Penalty shoot-outs – The Answer

When penalty shoot-outs happen they certainly elicit a great deal of excitement and give good audience value. But, although I like them, they do seem a bit of a random way to decide football championship competitions; so say pundits, and now FIFA. They also seem to encourage negative football. The very idea of starting a match with tactics to play for a penalty shoot-out seems crazy. Well, what is a better way? Perhaps paradoxically it is to keep them!

For some years now I have considered some great solutions, well I think they are anyway. And I am now prepared to share them with you. Or perhaps you have better ideas in which case please share them.
Actually, I have several possible solutions presented in my order of preference.

1. Start the match with a penalty shoot-out. The winner of this shoot-out starts with a marginal advantage of, say, half a goal. So, from then on there can never be a draw at the end of playing time. This has the advantage of saving the drama of the shoot-out and the audience value. The disadvantage I see is that it may make the match duller, because one side will immediately be on the defensive. But overall this is my favourite approach. You have the drama of the shoot-out in every match and you have a full football match that has to produce a definitive result.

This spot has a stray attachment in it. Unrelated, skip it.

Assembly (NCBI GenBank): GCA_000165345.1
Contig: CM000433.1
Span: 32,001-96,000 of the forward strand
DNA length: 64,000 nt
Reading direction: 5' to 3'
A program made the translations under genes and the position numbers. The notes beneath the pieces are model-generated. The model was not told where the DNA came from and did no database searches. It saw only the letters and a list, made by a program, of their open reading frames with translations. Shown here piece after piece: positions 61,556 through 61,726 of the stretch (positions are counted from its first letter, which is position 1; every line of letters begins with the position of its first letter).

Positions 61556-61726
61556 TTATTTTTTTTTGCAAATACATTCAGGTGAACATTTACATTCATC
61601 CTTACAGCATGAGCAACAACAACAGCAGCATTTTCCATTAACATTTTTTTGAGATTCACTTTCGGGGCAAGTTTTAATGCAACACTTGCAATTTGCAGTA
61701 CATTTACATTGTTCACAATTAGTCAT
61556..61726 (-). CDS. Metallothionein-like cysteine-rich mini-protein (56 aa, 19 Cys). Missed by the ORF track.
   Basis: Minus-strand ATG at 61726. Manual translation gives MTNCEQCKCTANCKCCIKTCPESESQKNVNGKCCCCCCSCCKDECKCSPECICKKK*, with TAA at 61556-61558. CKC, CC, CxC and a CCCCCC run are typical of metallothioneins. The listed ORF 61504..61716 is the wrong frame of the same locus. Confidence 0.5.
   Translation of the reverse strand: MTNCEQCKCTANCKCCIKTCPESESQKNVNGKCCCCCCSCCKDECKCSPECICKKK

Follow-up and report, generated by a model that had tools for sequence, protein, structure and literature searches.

2. Have a penalty shoot-out at half time if the score is 0-0 at that time, otherwise the team that scores first wins. The second half then starts as above with one side having a half goal or golden goal advantage and no draw is possible. This avoids the sudden death of penalty shoot outs at the end of all playing time but might encourage defensive play to allow winning the match at half time.

3. Flip a coin at the start of the match. The winner has the half a goal advantage, the loser the choice of ends. This has the advantage that the coin-tossing ritual is already part of the match. The disadvantage is that results might be determined by “the toss of a coin” which hardly brings prestige and credibility to the eventual winner. This scheme also loses the drama of the shoot-out.

4. Decide the winner on number of corner kicks. Obviously only in the event of a draw at the end of full-time. The big disadvantage of this is that the objective of the match becomes one of winning corners. It also allows for the possibility of no winner at the end of the match with teams even on goals and corners. Although much less likely in this event penalty-shoot outs would still be required. This seems a poor choice.


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2 Responses to Penalty shoot-outs – The Answer

  1. Mrs D. says:

    Something needs to be changed, to avoid disgrace for the poor kicker who misses one crucial goal in his side’s inevitable defeat. And after the goal that wasn’t seen by the ref. this week, it must be galling for the losing side. There’s so much money tied up with the game that it’s about time changes are made all around. So there.

  2. seclectic says:

    Thanks for taking the time to comment. After the England game anything that would have cut short the agony would have been very welcome!!

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